What body work needs done? Painting the car can be done with the panels fitted or in pieces. I did a VW that way some time ago. Primed everything and painted all the parts individually with a couple of coats. Let it dry a couple of days and put the parts together. Sanded the car and applied the final two coats. Then did the polishing and buffing. Depends on the paint you choose, single stage or base coat/clear coat.

Ask your acquaintance what he uses for paint and any recommendations he might have, if you haven't already. Check around and see if there is another painter that might be willing to help and guide. There's always the Maaco paint job route.

Hopefully Mitch will comment on what he did when he painted his JH.

 

Art

Back To Top PM Quote Reply

 Posted: 05-20-2006 06:39 pm
  PM Quote Reply
3rd Post
Judson Manning
Member


Joined: 03-14-2005
Location: Atlanta, Georgia USA
Posts: 406
Status: 
Offline
Gary,

First of all:  No one's opinion counts unless it's your's!  There will be 1000 critics telling you what's "wrong" with your car.  The only person you have to satisfy is yourself. 

Come to grips with the fact this is your hobby and not a money making venture.  This is YOU doing what YOU love, not one of those shows on the Discovery Channel.  For Healey's sake, don't think of it in terms of a 'normal' car.

You could easily blow $10k-$15k playing golf, kiaking or surfing, and in the end you'd have great memories but nothing to show for it.  Think of it much more like a long-term committed relationship (like marriage, it's got it's ups and downs).

In 1992 if you told me I'd STILL be working on 13492, I would have said you were crazy....but guess what, it's been providing me with 14 years of 'entertainment' and solidarity with other JH members which is priceless to me.

May I suggest Zoloft or a good stiff drink???

Best Regards

Back To Top PM Quote Reply  

 Posted: 05-20-2006 09:30 pm
  PM Quote Reply
4th Post
Gary Martin JH 15371
Member
 

Joined: 03-12-2005
Location: Portland, OR
Posts: 98
Status: 
Offline
Thanks, Art and Judson. To answer some of Art's questions about what I've done so far. The front fenders, hood, trunk, windshield and doors are off the car. All exterior surfaces have been stripped to bare metal. I repainted engine bay a year ago, this is fine but will likely paint another coat when the car is painted. Floor boards were stripped of paint where surface rust was present, and used the POR procedure here. As the POR was still tacky, I sprayed PPG epoxy primer over the POR. I'm using the PPG line of paint materials. I did the same procedure for the surface rust at fender/rocker panel joints. Here I removed the rivits on rear fenders so I could pull out the bottom part of fender to access the surface rust between fender and rocker. Since I sprayed epoxy primer over the POR, I assumed I could then paint over this later. The rest of the exterior is still bare metal. I had planned to go over all this with 3M Rust Conditioner which I think might be similar to the PickelX before priming. There is not much body work needed. Just a few small dents and a minor crease on left side. The hood will need the most body work. I bought a nice used hood, but when I stripped the paint off I found it was about 60% covered with bondo. The underside shows no signs of major dents so I'm not sure why it has all these thin patches of bondo.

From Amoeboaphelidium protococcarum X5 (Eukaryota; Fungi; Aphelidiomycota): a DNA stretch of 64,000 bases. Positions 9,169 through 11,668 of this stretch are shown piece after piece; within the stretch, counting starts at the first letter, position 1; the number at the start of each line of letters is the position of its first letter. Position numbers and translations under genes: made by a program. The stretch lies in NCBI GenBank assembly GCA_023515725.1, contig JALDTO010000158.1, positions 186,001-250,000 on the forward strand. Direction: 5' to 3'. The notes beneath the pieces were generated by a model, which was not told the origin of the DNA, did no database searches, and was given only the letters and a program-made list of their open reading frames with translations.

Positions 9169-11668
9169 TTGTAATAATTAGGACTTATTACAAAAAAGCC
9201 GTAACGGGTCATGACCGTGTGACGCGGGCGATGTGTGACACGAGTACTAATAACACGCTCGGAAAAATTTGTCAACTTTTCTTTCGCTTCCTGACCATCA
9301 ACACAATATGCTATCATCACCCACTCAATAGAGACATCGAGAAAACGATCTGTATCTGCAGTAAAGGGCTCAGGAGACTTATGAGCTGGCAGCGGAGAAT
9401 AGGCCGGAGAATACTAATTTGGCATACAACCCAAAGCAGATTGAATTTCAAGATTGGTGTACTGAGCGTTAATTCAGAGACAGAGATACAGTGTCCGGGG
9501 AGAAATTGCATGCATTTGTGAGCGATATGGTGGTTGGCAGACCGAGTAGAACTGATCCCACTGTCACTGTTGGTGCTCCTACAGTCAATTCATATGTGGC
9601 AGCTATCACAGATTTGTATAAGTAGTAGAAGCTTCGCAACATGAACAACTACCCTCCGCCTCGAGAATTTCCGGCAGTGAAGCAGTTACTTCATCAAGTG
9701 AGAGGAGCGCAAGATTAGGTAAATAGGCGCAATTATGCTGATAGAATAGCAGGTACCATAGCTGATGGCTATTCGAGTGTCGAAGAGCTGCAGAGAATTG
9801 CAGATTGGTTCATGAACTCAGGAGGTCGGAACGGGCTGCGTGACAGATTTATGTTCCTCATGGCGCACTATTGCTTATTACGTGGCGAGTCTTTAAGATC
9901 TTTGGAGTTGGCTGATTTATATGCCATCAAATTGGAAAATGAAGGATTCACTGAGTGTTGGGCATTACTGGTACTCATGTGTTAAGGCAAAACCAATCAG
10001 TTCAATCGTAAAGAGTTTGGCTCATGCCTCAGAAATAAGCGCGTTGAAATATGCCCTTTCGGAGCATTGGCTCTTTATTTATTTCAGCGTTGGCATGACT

I know a bit about painting. I have painted lots of fenders and varoius parts before. I once painted a whole car, it turned out OK, but not really a professional job. I was planing to paint the car in pieces, since it is difficult to spray door jams, trunk lip, etc with the car togheter. I will probably go the base coat/clear coat road.  My friend with the restoration shop also paints cars in pieces for the same reasons and he also uses the PPG line of paint. He said he does this all the time and there is no problem matching panels by painting in pieces. His shop does everything from low buck repairs, to high dollar restorations. He has done several show cars that are in magazines. He does not like to set a price for a job as there are usually unexpected costs that can run the bill up.  I don't know any other painters in the area that I can work with. At least I have known this guy for 10 years.

 I think I might do this in stages to help avoid sticker shock. Have my friend strip the rust, fit panels, body work and prime the car. Then stop and see where we are at. If costs have not gone too far out of control, then proceed to paint the car. I do not want to go the Maaco route. They look OK for two years, then the paint goes dull. It seems I'm kind of a prefectionist. I see no reason doing something half ass. You might as well do it right the first time.  As for calming the nerves, I do have a keg of Pelican IPA in my garage. A typical evening in the garage will be a two pint affair on the IPA index.

Gary

Back To Top PM Quote Reply

 Posted: 05-22-2006 01:37 am
  PM Quote Reply
5th Post
Thomas Thomson
Member
 

Joined: 02-08-2006
Location:  
Posts: 7
Status: 
Offline
Gary :

  Couple of thoughts - talk to the guy doing the stripping and make sure he doesn't apply any rust preventative.  The place that dipped the panels on 13753 did but neglected to mention it and paint won't stick to that stuff worth a hoot.  The problem with the hood may be a common one - that is attempting to close the thing without releasing the catch on the hood prop.  This will put a kink the panel which is very difficult to repair.  (guys named Tom have been known to do this)  To do body work and painting on 16971 I built a rotisser--- roter-- rotissy--  you know what I mean.  It makes the job ever so much easier and faster.  Good luck !

                                       Tom

PS  Pushing a piece of sandpaper can be a good form of therapy        

 

Back To Top PM Quote Reply  

Current time is 08:11 am  
> Jensen Healey & Jensen GT Tech > Body & interior stuff > Restoration motivation therapy or advice Top




UltraBB 1.172 Copyright © 2007-2011 Data 1 Systems